Location: 958 ON-637, Killarney
The Town of Moosonee
For the best chance to view the Northern Lights, go north! One of Ontario’s northernmost communities, the town of Moosonee sits along the Moose River, just under 20 kilometres south of the saltwater coast of James Bay, part of the Hudson Bay Lowlands on the edge of the Arctic. Access is by train or plane, Ontario Northland’s Polar Bear Express offers rail service from Cochrane.
Sault Ste. Marie and Algoma
Chapleau Game Preserve
Referred to locally as the “Friendliest Town in the North”, Chapleau is home to the 7,000-square-kilometre Chapleau Game Preserve, the largest crown game preserve in the world. In addition to providing a home for countless species of flora and fauna including eagles, beavers and moose, the Preserve provides incredibly clear views of the night sky with great opportunities to witness the Northern Lights.
Location: Sudbury, Unorganized, North Part
Lake Superior Provincial Park
Lake Superior Provincial Park was Ontario’s second provincial park to earn Dark-Sky Preserve status and ranks amongst the darkest of all Dark-Sky Preserves in the world. While stargazing, keep an eye out for nocturnal fauna like bats, beavers and wolves. The park offers diverse camping opportunities, with two serviced campgrounds for RVs and tent camping, plus 200 backcountry campsites open from May to October each year.
Location: 96 Broadway Avenue, Wawa
Sleeping Giant Provincial Park
East of Thunder Bay, Sleeping Giant Provincial Park features over 100 kilometres of hiking trails through pristine boreal forest on the shores of Lake Superior. By day, the park provides opportunities to view wildlife like deer, lynx and over 200 species of birds. By night, take in magnificent views of the dark sky, along with opportunities to see the Northern Lights. If the Aurora Borealis does make an appearance on your visit, look down at the lake and notice the patterns they cast on the water. With camping available year-round, including full-service cabins, Sleeping Giant should be on your night-sky bucket list.
Location: R R 1, Pass Lake
Quetico Provincial Park
An iconic wilderness park and world-famous destination for backcountry canoeing, Quetico Provincial Park is home to over 2,000 lakes and endless remote wilderness. In 2021, the park was designated as an International Dark-Sky Park by the International Dark-Sky Association. Camping is available in the park all year long, including winter camping and cabin rentals at Dawson Trail campground.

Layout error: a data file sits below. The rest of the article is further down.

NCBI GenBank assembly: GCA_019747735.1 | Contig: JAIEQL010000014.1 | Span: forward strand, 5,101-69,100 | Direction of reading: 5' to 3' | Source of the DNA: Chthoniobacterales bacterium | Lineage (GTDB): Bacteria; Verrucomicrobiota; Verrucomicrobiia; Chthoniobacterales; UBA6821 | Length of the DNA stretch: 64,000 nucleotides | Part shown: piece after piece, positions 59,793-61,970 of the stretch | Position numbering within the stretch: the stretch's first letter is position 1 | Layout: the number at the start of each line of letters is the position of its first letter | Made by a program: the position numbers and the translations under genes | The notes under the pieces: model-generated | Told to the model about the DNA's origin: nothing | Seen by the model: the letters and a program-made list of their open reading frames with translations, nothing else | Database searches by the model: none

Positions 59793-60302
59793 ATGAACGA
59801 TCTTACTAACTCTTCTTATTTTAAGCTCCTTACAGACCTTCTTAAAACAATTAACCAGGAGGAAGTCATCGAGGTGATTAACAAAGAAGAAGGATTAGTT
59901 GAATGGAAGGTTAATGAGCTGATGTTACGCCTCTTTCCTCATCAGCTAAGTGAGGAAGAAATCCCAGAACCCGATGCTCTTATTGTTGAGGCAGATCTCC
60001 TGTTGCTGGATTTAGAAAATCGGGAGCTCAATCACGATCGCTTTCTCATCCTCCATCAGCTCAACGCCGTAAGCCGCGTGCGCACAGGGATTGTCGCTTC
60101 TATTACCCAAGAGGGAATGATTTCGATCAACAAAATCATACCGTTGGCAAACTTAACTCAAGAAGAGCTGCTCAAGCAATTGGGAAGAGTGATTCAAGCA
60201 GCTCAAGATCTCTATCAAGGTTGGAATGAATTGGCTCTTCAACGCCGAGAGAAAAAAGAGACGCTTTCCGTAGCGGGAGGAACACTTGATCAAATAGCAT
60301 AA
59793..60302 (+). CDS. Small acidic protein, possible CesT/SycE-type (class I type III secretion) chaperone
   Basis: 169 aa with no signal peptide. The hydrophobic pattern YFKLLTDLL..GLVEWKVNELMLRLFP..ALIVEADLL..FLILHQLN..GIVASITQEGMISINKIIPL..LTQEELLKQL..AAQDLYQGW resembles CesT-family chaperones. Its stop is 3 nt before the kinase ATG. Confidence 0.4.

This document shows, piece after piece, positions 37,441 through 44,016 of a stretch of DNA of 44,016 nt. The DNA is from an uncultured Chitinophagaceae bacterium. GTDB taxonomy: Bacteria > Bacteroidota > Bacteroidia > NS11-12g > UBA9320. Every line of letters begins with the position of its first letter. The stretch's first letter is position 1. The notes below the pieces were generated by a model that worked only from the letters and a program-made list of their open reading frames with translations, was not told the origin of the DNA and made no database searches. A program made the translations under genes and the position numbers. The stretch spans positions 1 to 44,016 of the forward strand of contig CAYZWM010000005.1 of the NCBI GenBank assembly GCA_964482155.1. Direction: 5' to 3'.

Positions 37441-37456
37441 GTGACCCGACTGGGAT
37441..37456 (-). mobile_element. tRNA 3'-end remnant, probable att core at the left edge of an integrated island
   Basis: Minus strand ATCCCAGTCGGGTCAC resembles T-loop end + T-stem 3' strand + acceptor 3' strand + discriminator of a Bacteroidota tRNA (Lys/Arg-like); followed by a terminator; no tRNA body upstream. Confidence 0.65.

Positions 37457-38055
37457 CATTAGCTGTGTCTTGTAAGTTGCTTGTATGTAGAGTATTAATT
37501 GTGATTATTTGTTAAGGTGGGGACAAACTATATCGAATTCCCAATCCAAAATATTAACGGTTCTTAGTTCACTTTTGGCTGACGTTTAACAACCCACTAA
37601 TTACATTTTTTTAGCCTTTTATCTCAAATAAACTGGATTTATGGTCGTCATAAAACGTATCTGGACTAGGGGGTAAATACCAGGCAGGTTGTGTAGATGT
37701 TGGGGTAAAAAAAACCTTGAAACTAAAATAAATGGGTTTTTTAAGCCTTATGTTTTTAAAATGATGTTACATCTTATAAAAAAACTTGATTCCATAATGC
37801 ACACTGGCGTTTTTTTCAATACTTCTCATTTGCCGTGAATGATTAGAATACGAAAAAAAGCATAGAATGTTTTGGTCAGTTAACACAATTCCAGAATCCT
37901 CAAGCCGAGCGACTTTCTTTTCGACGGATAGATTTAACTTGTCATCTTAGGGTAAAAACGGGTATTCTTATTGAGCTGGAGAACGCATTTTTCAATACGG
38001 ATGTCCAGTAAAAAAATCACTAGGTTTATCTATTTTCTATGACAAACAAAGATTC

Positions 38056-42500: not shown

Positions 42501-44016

Location: ON-11, Atikokan
Pukaskwa National Park
Located on the shores of Lake Superior, Pukaskwa National Park offers excellent stargazing and Northern Light viewing opportunities thanks to its remote location. Camping options include drive-in sites at Hattie Cove Campground from May to September, rugged backcountry camping between May and October (weather permitting) and oTENTik sites, a cross between a tent and a rustic cabin, also available May to October. Even outside the park, the Northern Lights have often been seen along the North Shore’s Highway 17 between Sault Ste. Marie and Thunder Bay.
Location: ON-627, Heron Bay
Ontario Provincial Parks
With over 300 provincial parks across the province, there are many more amazing places for stargazing and the opportunity to see the Northern Lights throughout the year. Follow the Ontario Park’s Eyes on the Skies blog each month for stargazing news.
Note: A daily vehicle permit is required for each park you visit. If available, purchase your pass ahead of time and make your camping reservations well in advance. Overall, weekends are much busier than weekdays at Ontario Parks, so plan a mid-week visit. Clean footwear and equipment prevent the spread of invasive species and staying on trails and boardwalks and a zero-litter policy helps reduce the destruction of sensitive habitats.
Learn more about Ontario’s designated dark sky preserves, stargazing sites and events as well as space centres, observatories and planetariums.
Last updated: February 13, 2023